Saturday, September 28, 2019

Unicorns!


This week our Friday classes painted UNICORNS! 

This was a bit different than a normal art class lesson in that it was a choice-based art project. 

Our goal is always to encourage self-expression and creativity, even within the parameters of the given project or process. However, everyone wanted to paint the unicorn like the one hanging on our wall, so I decided to offer choices and options to make the unicorn their own. This was my effort to lean more towards TAB art education methodology (Teaching for Artistic Behavior) and to not produce a roomful of look alike artwork. 

I would like to incorporate TAB in as many of our art projects as possible. 




Choices and options:
What media will you use? Options might be watercolor, tempera paint, or acrylic paint.

What will you paint on?
Surfaces might include a canvas panel or watercolor paper (depending on paint media).



What drawing method will you use? I encourage freehand drawing, but for the sake of getting to the process of painting I collected a variety of unicorn templates for them to choose from to trace & transfer. 

What will be in the background? Landscape, sky, rainbow colors?




What will be your color scheme?
Analogous colors, color tints, or maybe rainbow colors?

Will you add an outline?

How will you finish your painting?




These artists all chose to use a favorite unicorn image template and many used carbon paper for the very first time. It was so fun to see them lift the corners and see the image transferring to the canvas like magic! This allowed them to not sweat the drawing and move on to the real fun of painting in their unicorns!



Everyone also chose to paint on canvas except for this young artist who has a cast on his dominant arm and decided that watercolor would be easier to handle. I think he was right! 

Monday, September 23, 2019

Beautiful Sunflowers!!!




To commemorate the end of summer, we painted  these gorgeous SUNFLOWERS!



First we examined resource photos of sunflowers, like this one that grew in my yard a few years ago. 





We also observed a vase of sunflowers and similar flowers (like black-eyed susans), and a few paintings of sunflowers.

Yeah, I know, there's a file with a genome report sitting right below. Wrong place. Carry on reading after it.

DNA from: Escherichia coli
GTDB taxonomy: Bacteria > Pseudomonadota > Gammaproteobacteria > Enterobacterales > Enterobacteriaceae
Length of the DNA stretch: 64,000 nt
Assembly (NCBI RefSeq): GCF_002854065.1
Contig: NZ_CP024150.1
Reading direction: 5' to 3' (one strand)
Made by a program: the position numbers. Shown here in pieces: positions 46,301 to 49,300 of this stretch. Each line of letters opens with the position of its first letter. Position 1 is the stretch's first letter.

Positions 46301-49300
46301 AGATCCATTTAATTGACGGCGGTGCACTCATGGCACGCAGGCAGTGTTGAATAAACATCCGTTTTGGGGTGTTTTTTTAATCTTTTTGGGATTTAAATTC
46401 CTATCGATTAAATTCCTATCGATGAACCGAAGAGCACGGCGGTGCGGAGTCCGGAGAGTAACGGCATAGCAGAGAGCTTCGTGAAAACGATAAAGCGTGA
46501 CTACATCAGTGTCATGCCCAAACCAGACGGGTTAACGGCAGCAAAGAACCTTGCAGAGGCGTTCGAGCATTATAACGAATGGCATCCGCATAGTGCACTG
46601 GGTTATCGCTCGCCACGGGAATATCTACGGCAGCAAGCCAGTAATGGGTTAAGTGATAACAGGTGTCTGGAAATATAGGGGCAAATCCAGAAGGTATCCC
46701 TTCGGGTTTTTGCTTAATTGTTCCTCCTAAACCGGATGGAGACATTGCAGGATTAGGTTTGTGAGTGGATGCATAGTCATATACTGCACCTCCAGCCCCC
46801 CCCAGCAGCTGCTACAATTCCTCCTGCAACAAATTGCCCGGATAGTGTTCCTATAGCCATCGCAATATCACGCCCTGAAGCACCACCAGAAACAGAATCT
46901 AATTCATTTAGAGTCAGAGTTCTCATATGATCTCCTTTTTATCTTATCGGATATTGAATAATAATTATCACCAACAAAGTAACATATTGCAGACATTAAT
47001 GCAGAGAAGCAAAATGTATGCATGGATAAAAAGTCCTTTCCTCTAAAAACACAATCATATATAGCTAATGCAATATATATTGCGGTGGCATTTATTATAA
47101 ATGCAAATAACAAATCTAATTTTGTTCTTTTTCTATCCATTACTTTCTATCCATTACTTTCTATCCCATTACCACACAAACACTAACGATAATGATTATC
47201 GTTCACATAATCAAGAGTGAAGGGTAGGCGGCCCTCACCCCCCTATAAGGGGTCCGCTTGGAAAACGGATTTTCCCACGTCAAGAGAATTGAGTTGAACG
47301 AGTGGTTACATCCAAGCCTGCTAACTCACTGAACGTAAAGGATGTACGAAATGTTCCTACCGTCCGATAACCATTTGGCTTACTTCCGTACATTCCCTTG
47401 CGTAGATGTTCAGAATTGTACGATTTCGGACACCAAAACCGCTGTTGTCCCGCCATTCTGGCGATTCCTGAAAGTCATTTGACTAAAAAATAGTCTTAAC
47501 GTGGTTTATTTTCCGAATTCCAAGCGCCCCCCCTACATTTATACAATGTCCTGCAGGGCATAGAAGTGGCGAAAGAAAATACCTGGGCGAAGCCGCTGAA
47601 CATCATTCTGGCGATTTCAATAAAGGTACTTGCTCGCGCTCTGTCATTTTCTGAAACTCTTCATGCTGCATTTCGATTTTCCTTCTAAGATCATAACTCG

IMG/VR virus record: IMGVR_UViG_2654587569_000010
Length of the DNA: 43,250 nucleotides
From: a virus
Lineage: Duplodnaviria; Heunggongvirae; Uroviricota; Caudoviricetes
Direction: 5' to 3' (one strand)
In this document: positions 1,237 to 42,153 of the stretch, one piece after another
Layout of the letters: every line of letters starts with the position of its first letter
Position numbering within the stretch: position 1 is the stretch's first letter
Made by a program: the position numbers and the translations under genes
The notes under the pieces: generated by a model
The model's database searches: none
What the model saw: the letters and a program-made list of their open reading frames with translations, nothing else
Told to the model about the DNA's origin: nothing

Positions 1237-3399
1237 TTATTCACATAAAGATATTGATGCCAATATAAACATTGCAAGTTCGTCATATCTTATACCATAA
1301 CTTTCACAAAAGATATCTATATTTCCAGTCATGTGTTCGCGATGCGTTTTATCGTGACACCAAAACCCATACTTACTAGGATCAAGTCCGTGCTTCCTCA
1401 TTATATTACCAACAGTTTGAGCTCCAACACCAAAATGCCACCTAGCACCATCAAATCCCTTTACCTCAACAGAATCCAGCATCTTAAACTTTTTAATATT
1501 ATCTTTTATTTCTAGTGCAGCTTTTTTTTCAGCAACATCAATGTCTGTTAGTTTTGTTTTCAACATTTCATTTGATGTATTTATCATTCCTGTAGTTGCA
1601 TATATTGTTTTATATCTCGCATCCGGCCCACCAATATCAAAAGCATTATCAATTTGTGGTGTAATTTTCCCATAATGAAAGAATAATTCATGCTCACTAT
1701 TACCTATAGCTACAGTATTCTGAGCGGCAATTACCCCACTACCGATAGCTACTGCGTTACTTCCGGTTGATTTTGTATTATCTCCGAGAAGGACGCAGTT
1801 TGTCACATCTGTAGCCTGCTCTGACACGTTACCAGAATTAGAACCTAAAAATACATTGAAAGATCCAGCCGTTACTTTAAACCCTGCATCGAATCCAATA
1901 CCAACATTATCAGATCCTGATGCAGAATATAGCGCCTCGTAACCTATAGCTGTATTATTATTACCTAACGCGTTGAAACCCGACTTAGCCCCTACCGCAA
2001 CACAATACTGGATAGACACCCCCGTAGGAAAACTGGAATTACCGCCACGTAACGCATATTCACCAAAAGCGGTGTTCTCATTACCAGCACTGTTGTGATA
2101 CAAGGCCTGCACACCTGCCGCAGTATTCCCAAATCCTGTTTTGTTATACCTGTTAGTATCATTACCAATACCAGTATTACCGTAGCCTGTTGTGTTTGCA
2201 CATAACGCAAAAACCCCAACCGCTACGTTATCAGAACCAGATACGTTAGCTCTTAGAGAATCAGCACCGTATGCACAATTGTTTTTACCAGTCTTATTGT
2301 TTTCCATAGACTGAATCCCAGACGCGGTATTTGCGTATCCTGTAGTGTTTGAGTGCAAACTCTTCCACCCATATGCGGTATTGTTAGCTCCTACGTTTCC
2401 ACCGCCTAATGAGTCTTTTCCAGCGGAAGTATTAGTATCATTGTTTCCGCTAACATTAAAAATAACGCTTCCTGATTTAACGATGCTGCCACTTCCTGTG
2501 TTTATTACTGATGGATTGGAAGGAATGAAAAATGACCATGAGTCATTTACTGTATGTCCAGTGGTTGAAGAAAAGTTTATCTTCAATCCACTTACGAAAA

Using liquid temperas, we then painted a dot somewhere near the center of the paper but not right in the center.  Then we created a bulls-eye type design around the dot using any chosen colors. 




We then mixed a bit of orange into our yellow paint and created the petals of our flower. We also added a bit more orange to the petals to create depth. Some also added a bit of yellow-green. Then we painted another smaller flower in one of the corners (if there was room).



The next step was challenging but fun! We added patterns to inside of our sunflower, like dots, zigzags, short lines, and curvy lines. Some were white but most were black. 

(We used a stylus to paint many of our little dots.)








Next, we painted the background around the flower using as many tints and tones of green as we could make and/or share.






The last step was to add a critter! 

Our artists added ladybugs, butterflies, ants, spiders, and beetles.







Our artists ranged in age from 6 to 12 years old. 









This is my sunflower sample.





This lovely sunflowers were created by a 6-year-old!

Saturday, September 21, 2019

Farm Animals!



Every year right after the Eastern Idaho State Fair, we create a fair-themed painting. Specifically, we paint farm animals just like the ones at the fair!





We used liquid tempera paints to create these cows, sheep, and horses wandering around in these peaceful sunny pastures. 
  




We started by lightly sketching an animal after looking at resource photos from our farm animal files. We then painted the sky and the green pasture around the animal's shape.  Some artists added a dark green tree line along the horizon as well.





Now it was time to fill in our animal with color, shading, and textures - especially the woolly sheep!


Facial details were also added.

Some of the lighter colored animals were outlined.








The last step was to add grasses and flowers. This was a great way to create shadowy areas beneath the animals and more depth and perspective in the painting.


Our farm animal artists ranged in age from 6 to 14.